Non-fiction for pleasure

OK, so now I’ve had two humanities people tell me more or less categorically that non-fiction reading is not pleasure reading. (The first instance prompted much of what I’ve written here in the past year and a half; the second came initially as a comment on this weblog.) I would not have expected that particularly of humanities people, honestly. I suppose I had assumed that English or classics or folklore majors and suchlike were more likely to be into any and all reading.

In both cases there has been the clarification that the information gained (“understanding stuff about the world”) may give one pleasure “even when reading about it feels like work.” And yet … this still implies that the readers approach vast categories of written documents strictly from a utilitarian point of view—news, debate, most forms of essay, and (most pertinently to these discussions) academic and non-academic book-length works: pop science and ethnography, self-help and philosophy, history and historiography, history of science, biography, literary and art criticism, poli-sci. It truly does surprise me if the ‘not-for-pleasure’ category is that broad for either elisabeth or the grad student who told me she doesn’t read non-fiction.

I am accustomed to expansive, voracious, and usually compulsive reading from my close associates in the hard sciences and social sciences. My dad, an old-school sysadmin, keeps on hand nearly the complete œvres of Faulkner, Vonnegut, Lessing, and Erdrich (one of his most evocative comments on the last: “… so fierce that I can frankly understand her husband committed suicide“). He also keeps a personal subscription to Science magazine, setting himself the goal of understanding one article per issue (an ambitious goal that is by far not always reached). The mother of a mathematician friend had to set a rule during middle school that she would select every other book for his pleasure reading: she chose good classic YA, he plowed through the local library’s math collection. This is the same person who introduced me to The Ancestor’s Tale and, on my recommendation, read The Archivist in a day and a half. My little brother, a history-major-turned-‘financial-analyst’ of whom I was seriously proud when he started (with The Fourth Hand) recommending to me books based on his own taste, is an Andrew Jackson buff who is also my original source for King Leopold’s Ghost. A chemistry undergrad friend of mine, now in graduate school, recruited friends for ‘salon’ book groups in two states in which he’s recently lived.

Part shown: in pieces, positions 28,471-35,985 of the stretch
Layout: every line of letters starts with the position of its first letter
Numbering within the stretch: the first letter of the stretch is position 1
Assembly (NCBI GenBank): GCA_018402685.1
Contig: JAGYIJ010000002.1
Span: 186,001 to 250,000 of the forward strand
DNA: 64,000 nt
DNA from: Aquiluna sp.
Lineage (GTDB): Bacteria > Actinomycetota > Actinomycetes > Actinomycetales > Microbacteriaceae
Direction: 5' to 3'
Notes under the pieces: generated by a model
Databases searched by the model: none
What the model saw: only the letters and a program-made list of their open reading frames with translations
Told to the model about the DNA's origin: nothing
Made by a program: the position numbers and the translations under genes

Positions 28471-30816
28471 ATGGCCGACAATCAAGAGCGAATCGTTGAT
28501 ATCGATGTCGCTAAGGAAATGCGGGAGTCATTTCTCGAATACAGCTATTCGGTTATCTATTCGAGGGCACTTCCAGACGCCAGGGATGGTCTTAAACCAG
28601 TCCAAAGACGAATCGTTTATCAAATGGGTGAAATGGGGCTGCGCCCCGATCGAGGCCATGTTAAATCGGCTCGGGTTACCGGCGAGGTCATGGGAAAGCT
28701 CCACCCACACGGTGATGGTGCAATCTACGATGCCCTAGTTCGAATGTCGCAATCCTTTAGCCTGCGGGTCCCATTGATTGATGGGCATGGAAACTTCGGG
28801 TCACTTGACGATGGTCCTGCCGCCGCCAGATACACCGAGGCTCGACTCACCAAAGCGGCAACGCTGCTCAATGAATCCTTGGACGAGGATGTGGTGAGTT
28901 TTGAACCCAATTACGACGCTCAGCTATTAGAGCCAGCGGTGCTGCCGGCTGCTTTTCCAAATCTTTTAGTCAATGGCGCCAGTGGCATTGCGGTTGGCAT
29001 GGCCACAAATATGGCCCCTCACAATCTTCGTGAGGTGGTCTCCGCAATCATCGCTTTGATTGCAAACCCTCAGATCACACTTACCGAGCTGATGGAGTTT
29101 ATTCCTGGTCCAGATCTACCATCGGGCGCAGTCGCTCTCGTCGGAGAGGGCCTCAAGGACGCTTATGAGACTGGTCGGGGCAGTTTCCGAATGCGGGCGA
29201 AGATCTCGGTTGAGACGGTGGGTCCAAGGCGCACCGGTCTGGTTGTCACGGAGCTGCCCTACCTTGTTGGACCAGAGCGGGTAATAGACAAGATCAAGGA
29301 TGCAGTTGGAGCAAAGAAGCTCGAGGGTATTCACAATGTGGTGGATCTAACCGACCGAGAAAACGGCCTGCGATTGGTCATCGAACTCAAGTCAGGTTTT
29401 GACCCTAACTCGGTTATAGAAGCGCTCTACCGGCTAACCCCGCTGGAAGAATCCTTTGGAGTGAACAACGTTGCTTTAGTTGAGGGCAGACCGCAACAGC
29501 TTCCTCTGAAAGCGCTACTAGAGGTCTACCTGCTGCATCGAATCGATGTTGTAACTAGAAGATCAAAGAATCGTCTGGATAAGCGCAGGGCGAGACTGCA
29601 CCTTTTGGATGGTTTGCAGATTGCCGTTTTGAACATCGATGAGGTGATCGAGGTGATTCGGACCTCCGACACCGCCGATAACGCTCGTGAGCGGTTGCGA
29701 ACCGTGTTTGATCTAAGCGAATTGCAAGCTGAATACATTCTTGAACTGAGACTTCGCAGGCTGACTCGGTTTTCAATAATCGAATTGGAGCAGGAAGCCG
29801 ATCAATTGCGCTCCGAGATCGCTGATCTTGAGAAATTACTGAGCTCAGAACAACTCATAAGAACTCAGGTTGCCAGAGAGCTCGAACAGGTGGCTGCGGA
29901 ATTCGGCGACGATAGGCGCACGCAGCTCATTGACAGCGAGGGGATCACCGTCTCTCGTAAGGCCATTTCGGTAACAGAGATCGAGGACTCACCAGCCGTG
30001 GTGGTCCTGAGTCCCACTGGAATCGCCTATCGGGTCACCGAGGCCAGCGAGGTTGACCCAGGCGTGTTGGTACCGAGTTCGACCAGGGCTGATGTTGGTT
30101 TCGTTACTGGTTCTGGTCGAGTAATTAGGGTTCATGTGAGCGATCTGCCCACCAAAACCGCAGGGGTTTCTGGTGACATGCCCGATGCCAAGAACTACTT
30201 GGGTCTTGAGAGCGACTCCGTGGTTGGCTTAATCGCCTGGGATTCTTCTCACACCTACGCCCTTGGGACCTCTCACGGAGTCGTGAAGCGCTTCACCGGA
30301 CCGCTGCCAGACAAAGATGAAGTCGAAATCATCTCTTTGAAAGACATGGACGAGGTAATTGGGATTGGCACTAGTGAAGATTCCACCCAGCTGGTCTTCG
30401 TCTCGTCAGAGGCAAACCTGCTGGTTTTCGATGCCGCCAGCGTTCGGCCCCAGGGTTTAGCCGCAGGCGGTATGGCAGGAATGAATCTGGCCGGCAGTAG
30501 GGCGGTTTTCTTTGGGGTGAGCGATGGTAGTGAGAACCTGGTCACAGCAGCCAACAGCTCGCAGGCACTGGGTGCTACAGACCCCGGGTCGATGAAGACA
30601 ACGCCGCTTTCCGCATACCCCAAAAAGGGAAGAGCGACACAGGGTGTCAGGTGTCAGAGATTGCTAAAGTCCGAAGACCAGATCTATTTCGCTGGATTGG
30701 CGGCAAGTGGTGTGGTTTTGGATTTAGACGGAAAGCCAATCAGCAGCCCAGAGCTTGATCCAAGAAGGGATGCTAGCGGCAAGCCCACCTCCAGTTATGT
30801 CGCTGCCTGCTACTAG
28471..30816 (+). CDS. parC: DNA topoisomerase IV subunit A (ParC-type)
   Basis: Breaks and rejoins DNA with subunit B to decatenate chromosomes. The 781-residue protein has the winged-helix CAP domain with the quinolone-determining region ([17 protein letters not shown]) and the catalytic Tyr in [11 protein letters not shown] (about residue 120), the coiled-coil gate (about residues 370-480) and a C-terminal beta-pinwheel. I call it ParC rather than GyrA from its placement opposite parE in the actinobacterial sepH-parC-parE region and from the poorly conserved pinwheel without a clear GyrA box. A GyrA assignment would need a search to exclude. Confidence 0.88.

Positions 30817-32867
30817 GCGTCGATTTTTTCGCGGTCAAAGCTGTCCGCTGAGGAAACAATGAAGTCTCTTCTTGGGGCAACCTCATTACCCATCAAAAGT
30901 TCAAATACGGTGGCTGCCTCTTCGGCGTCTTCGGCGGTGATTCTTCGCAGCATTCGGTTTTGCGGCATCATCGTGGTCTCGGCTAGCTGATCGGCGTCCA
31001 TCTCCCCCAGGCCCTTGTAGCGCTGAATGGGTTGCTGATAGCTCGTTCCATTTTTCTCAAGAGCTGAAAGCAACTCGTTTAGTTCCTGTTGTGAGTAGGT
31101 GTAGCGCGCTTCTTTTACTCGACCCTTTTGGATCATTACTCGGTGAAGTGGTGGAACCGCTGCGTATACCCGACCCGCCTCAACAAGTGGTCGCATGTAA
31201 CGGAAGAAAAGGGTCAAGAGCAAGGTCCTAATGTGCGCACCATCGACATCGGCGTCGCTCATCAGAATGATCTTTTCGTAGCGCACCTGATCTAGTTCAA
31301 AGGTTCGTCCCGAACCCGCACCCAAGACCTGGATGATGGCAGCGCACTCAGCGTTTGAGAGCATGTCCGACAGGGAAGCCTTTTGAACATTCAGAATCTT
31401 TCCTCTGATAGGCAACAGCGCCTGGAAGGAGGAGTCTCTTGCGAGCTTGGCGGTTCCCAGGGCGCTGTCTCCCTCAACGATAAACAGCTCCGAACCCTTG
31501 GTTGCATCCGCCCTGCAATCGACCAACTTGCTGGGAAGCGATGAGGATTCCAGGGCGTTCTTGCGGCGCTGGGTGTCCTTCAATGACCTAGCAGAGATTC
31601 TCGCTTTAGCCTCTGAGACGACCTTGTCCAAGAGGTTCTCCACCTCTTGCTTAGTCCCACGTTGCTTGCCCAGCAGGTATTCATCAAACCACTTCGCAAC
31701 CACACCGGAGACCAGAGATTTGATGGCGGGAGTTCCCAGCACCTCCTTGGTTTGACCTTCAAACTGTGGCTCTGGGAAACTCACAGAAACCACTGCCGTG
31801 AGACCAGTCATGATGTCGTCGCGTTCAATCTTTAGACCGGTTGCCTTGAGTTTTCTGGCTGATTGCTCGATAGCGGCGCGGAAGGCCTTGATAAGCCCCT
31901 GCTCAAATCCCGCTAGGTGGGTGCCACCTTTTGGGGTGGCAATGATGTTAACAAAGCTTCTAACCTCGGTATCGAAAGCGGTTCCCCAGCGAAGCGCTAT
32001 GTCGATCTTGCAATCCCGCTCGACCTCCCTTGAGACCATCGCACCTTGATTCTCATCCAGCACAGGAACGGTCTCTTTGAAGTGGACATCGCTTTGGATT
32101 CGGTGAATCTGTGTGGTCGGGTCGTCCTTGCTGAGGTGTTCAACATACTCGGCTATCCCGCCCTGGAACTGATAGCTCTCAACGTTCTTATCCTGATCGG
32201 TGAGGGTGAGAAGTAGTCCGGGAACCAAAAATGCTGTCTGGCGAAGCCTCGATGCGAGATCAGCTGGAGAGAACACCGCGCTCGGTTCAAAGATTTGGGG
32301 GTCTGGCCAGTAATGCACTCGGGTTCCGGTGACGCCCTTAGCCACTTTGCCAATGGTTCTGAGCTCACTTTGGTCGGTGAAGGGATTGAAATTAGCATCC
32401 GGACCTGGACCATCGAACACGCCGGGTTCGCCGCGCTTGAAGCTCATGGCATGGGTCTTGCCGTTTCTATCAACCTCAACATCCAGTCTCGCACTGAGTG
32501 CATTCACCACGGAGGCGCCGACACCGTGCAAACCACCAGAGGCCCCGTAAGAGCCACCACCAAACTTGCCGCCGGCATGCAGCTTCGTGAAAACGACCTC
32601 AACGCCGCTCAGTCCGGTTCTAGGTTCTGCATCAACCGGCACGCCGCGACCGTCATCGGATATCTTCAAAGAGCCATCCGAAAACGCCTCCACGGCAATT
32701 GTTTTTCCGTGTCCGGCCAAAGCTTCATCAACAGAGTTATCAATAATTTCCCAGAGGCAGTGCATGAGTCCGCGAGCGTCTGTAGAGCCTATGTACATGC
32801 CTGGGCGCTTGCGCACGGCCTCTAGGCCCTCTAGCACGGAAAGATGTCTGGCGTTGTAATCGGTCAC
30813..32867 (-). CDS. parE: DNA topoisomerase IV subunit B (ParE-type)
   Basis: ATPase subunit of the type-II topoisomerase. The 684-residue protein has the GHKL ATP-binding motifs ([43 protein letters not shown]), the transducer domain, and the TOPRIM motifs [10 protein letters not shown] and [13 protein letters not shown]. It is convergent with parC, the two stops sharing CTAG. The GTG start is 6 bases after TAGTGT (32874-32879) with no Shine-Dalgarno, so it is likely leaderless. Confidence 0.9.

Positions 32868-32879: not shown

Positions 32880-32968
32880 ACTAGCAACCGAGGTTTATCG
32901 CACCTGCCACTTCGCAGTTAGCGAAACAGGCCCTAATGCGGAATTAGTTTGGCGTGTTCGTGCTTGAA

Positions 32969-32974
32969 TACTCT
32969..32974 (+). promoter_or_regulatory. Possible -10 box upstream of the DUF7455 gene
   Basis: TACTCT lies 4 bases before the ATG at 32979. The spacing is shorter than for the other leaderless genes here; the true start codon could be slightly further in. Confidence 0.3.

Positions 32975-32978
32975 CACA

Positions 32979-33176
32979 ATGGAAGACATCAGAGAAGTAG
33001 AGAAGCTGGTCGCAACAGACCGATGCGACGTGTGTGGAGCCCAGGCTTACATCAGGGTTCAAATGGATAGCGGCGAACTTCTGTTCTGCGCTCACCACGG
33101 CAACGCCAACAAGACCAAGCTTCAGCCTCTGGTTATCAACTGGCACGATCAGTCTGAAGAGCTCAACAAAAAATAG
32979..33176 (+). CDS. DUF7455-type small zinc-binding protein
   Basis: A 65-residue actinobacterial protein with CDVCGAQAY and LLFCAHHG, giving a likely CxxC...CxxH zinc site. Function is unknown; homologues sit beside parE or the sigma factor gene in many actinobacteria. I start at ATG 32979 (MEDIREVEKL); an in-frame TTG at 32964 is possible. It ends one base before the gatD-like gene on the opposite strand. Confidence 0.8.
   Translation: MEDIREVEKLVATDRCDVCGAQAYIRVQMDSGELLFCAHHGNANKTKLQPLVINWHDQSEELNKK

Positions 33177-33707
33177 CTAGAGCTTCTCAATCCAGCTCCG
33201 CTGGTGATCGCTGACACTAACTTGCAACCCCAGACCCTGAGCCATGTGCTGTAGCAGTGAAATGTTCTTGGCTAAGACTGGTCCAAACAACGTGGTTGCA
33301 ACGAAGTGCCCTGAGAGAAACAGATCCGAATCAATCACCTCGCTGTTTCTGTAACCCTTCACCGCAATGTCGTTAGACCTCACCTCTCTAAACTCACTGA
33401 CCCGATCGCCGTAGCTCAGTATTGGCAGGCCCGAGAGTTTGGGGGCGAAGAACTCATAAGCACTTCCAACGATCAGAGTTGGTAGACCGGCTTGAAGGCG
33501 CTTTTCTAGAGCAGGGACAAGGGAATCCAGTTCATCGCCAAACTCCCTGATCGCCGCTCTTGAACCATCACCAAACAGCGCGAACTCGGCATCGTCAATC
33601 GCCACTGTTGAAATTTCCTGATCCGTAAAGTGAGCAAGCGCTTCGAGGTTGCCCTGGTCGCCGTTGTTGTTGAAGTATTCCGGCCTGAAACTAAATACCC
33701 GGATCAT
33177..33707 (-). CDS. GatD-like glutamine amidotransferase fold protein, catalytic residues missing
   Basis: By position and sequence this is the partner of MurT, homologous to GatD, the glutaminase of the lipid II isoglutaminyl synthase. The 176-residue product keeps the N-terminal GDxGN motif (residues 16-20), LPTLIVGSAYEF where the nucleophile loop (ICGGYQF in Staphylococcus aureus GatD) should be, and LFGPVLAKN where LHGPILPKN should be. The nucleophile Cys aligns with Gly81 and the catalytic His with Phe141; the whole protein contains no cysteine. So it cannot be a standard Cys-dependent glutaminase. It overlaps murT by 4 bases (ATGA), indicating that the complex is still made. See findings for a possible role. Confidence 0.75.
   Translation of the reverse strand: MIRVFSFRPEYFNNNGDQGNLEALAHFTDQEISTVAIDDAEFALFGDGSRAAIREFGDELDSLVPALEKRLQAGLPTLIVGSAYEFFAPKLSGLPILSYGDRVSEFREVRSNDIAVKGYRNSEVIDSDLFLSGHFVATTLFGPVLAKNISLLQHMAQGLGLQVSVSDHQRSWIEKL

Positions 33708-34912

King Leopold’s Ghost and The Ancestor’s Tale are both written with exceptional clarity, perceptiveness, and outreach towards the audience. I have actually “grown” a favoritism for interdisciplinary non-fiction author Steven Johnson, and have wished that I had been a Harvard undergrad more recently so I could have become a disciple of Daniel Lord Smail, whose academic training is in 14th-century French legal documents, but who also is passionately advocating for historians to claim as their field all of human history, the way they used to before Western culture imagined how many orders of magnitude longer than Biblical history all is.

And non-fiction can inspire such awe—often for its subjects (Catherine of Aragon or the early epidemiological triumph of 1854 London, and more shrouded figures/incidents such as Mary Eleanor Bowes, Countess of Strathmore, and the training of medical residents), but also for the brilliance of the research (Montaillou) or the mind (An Experiment in Criticism).

Truly … people can dismiss all the vast variety of non-fiction as not intended for pleasure reading? Is this another case where I am failing to understand what kind of pleasures others seek from their reading?


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